Niagara Gazette — “When I first saw him he was a very sick man,” said University of Rochester Medical Center cardiologist Dr. Jeffrey Alexis. “He had lost a lot of weight.”
His defibrillator, there to automatically deliver a therapeutic blast of electricity to the heart and restore a normal heartbeat, activated four times one day.
The following day, a Sunday morning in July, he was informed a donor heart had been located. Surgery, led by Dr. Todd Massey, proceeded that evening.
As is the case in transplantation, Synor only knows his new heart was formerly in someone younger than he. Name, age, male or female, any other circumstances, remain a secret to him. Now it’s on to pursue a life of normalcy.
A graduate of North Tonawanda High School and the Art Institute of Pittsburgh, Synor’s marketing and graphic design business was put on hold to accommodate this adventure. Moving slowly at home, in a toy-strewn living room and surrounded by his loving family, he sits under a banner reading “Welcome Home Daddy” on the day after he tried driving for the first time in months and tells his story the way a Super Bowl-winning quarterback does, starting with gratitude.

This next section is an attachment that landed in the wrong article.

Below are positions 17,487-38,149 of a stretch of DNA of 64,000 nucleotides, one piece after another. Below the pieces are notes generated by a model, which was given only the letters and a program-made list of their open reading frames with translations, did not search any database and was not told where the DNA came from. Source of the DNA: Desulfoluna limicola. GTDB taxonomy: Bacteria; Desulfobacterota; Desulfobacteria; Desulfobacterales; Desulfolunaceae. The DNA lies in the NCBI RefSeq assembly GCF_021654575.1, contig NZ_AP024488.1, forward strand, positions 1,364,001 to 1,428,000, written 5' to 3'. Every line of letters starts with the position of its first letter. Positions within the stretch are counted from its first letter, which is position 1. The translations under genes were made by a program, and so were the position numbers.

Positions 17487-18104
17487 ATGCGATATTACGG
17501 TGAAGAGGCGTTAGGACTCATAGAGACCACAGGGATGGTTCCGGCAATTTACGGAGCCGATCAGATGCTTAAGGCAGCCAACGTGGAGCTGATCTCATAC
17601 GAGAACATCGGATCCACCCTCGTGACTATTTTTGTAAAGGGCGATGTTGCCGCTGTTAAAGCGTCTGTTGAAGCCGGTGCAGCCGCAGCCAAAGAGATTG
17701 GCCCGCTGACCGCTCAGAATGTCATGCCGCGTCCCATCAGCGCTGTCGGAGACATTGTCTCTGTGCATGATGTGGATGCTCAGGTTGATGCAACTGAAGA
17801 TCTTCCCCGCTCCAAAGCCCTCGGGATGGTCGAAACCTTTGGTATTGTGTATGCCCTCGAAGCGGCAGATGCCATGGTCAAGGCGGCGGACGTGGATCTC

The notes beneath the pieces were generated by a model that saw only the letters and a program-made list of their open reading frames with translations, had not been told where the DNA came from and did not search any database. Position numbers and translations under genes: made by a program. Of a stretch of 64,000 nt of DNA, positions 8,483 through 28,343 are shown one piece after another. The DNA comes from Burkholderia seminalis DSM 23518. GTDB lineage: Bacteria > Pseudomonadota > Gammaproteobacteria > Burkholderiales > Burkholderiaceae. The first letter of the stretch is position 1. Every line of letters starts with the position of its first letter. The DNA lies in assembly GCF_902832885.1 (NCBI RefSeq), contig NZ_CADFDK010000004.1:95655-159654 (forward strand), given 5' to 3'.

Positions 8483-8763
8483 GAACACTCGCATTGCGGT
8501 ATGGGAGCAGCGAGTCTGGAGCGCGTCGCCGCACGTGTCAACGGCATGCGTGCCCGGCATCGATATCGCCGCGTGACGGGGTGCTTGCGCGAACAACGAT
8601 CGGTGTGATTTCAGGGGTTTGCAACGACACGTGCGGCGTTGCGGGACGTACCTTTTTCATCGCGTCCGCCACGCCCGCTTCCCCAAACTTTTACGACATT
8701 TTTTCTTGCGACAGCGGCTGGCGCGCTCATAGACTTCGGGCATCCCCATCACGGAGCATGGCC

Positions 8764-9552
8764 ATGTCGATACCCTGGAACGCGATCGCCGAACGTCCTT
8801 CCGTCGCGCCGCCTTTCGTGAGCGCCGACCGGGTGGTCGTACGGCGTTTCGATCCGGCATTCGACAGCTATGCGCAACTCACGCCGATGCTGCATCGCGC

“The staff, the people there (at the University of Rochester Medical Center) are wonderful. It got to be like a fraternity,” he said, mentioning friends he met, including patients Paulette Welker of Tonawanda, who had a heart transplant in August, and Tim Day of Kenmore, who awaits a transplant after a left ventricular assistance device was installed in his chest in June.
“It’s a first-class facility, from the surgeons to the parking lot attendants. You notice it as a visitor,” added Cathie, who when not working as a mommy or caretaker of a heart transplant recipient, is an assistant clerk in Niagara County government.